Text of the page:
Doctoral Student
Dr. Truman
Woodward 477


I am a fourth year PhD student in Dr. Andrew Truman’s Lab at the Department of Biological Sciences. I completed my Master’s in sciences degree from University of Delhi, India and joined UNC Charlotte as a graduate student in Fall 2016.

My research is focused on studying the regulation of Heat Shock Protein 70 (Hsp70) in Cancer.  Hsp70 works as a cellular “repairman”, folding newly made proteins and fixing damaged ones. The mutated proteins that cause cancer are by their very nature unstable and need more Hsp70 to remain active. Hsp70 levels are high in prostate, ovarian and breast cancer. I am investigating novel ways to stop Hsp70 from working specifically in cancer cells.

My current projects involve determining the global interactions of Hsp70 in cancer. I am investigating the molecular characteristics and composition of the chaperome in cancer, the molecular factors that drive chaperome networks to crosstalk in cancer, the distinguishing factors of the chaperome in cancer cells sensitive to pharmacologic inhibition, and the characteristics of cancers that may benefit from chaperome therapy. This project has been funded by Sigma Xi (Nitika, PI)

I have published nine research articles in high-impact journals and have presented my work at various international-level conferences. I was the first student at UNC Charlotte to successfully complete experiments using CRISPR technology and now consult and train other graduate students from other labs in Biological Sciences on how to use CRISPR in their graduate research.  I am also focused on pioneering novel cross-linking mass spectrometry studies. I have been able to collaborate with and be trained at the Northwestern Center for Proteomics Excellence in Chicago, a world class mass spectrometry facility. We are working to understand the hundreds of complex protein interactions of Hsp70 in cancer cells.

My publications can be found either on my Research Gate, LinkedIn, and/or Google Scholar profiles.


Nitika, J. S. Blackman, L. E. Knighton, J. E. Takakuwa, S.K. Calderwood, and A.W. Truman. Chemogenomic screening Identifies the Hsp70 Co-chaperone HDJ2 as a Hub for Anticancer Drug Resistance. (bioRxiv 818427; doi:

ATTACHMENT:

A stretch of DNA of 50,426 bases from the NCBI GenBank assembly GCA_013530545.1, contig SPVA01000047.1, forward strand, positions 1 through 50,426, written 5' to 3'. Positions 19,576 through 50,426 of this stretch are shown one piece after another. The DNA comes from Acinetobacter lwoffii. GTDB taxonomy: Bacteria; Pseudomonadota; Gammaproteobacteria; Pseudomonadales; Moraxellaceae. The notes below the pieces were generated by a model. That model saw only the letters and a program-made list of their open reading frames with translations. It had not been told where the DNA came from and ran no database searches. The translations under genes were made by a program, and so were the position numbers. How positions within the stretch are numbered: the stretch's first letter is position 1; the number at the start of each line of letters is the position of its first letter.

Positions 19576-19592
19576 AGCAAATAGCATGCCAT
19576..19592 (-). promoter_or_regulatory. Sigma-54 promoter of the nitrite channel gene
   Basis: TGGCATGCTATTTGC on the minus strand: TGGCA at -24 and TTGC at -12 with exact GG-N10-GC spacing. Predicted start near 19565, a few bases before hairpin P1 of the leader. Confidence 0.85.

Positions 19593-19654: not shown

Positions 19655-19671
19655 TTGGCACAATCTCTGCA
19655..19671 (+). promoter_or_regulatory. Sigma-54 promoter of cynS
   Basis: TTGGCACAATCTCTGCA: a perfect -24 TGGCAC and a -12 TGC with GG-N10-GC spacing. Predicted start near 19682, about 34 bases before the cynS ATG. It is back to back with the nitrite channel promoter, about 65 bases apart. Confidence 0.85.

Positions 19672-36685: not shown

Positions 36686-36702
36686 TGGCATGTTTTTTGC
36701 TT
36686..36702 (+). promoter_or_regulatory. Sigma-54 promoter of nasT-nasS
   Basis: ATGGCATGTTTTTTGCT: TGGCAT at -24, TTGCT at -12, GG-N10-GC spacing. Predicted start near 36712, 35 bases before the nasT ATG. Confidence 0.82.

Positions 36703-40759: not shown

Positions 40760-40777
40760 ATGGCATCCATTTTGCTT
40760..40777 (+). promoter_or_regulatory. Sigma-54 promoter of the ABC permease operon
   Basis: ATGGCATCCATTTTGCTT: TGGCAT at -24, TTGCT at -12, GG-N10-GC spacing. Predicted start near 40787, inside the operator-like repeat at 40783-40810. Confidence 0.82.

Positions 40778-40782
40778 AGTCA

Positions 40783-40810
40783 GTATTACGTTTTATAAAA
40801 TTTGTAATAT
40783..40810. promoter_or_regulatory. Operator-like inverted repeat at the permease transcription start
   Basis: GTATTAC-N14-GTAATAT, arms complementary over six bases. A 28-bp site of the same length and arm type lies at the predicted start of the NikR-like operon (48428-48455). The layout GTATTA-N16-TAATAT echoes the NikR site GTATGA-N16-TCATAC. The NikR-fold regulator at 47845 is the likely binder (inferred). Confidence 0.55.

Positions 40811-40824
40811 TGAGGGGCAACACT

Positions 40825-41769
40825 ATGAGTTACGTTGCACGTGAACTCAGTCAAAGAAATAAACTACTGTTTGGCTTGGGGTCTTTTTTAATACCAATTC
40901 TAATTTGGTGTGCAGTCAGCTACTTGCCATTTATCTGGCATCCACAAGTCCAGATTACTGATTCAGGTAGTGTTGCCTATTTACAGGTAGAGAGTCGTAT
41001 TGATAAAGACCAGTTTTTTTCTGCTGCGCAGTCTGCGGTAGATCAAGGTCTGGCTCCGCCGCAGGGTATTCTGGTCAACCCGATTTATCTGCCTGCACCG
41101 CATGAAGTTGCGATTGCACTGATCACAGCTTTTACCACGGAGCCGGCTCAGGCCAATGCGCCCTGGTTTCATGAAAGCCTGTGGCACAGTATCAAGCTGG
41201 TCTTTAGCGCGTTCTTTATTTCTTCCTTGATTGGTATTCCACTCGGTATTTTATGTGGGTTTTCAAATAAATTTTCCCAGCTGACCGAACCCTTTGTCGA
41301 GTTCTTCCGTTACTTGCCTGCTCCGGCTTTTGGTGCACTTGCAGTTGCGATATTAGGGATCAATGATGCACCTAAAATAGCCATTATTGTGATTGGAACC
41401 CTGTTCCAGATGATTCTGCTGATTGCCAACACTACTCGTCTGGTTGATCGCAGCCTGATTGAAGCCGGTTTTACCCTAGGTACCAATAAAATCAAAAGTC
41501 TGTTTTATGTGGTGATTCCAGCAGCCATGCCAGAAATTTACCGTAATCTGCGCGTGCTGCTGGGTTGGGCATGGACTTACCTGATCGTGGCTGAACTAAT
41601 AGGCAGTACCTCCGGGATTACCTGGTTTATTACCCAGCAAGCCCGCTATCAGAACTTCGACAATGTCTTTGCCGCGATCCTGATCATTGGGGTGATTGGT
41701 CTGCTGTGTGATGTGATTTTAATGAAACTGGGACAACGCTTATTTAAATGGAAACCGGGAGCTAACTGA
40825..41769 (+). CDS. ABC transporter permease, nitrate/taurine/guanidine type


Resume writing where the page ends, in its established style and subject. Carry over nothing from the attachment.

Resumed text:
L. Xu, Nitika, N. Hasin, D.D. Cuskelly, S. Doyle, P. Moynagh, S. Perrett, A. W. Truman, G. W. Jones. Acetylation of yeast Hsp70 mediates the cellular response to stress. Scientific Reports, November 2019. doi:10.1038/s41598-019-52545-3

L. E. Knighton, Nitika, D. Wolfgeher, A. M. Reitzel, A. W. Truman. Dataset of Nematostella vectensis Hsp70 isoform interactomes upon heat shock. Data in Brief 2019.

J. Takakuwa, Nitika, and Truman A.W.  Oligomerization of Hsp70: current perspectives on regulation and function. Frontiers in Molecular Biosciences 2019. doi:10.3389/fmolb.2019.00081

L. E. Knighton, Nitika, S.J. Waller, O. Storm., A.M. Reitzel, A.W. Truman. Dynamic remodeling of the interactomes of Nematostella vectensis Hsp70 isoforms under heat shock. Journal of Proteomics 2019. doi: 10.1016/j.jprot.2019.103416

S.K. Lotz., L. E. Knighton, Nitika and A.W. Truman. Not quite the SSAme: unique roles for the yeast cytosolic Hsp70s.Current Genetics.2019.  doi: 10.1007/s00294-019-00978-8

Nitika*, I.T. Sluder*, L.E. Knighton, and A.W. Truman. The Ydj1/HDJ2 co-chaperone is a novel regulator of ribonucleotide reductase activity. PLOS Genetics. 2018.

 doi: 10.1371/journal.pgen.1007462. (*authors contributed equally).

Nitika and A.W. Truman. Cracking the chaperone code: cellular roles for Hsp70 phosphorylationTrends in Biochemical Sciences. 2017.doi: 10.1016/j.tibs.2017.10.002. 2017.

Nitika and A.W. Truman. Endogenous Epitope Tagging of Heat Shock Protein 70 Isoform Hsc70 using CRISPR/Cas9. Cell Stress Chaperones. 2017.doi: 10.1007/s12192-017-0845-2.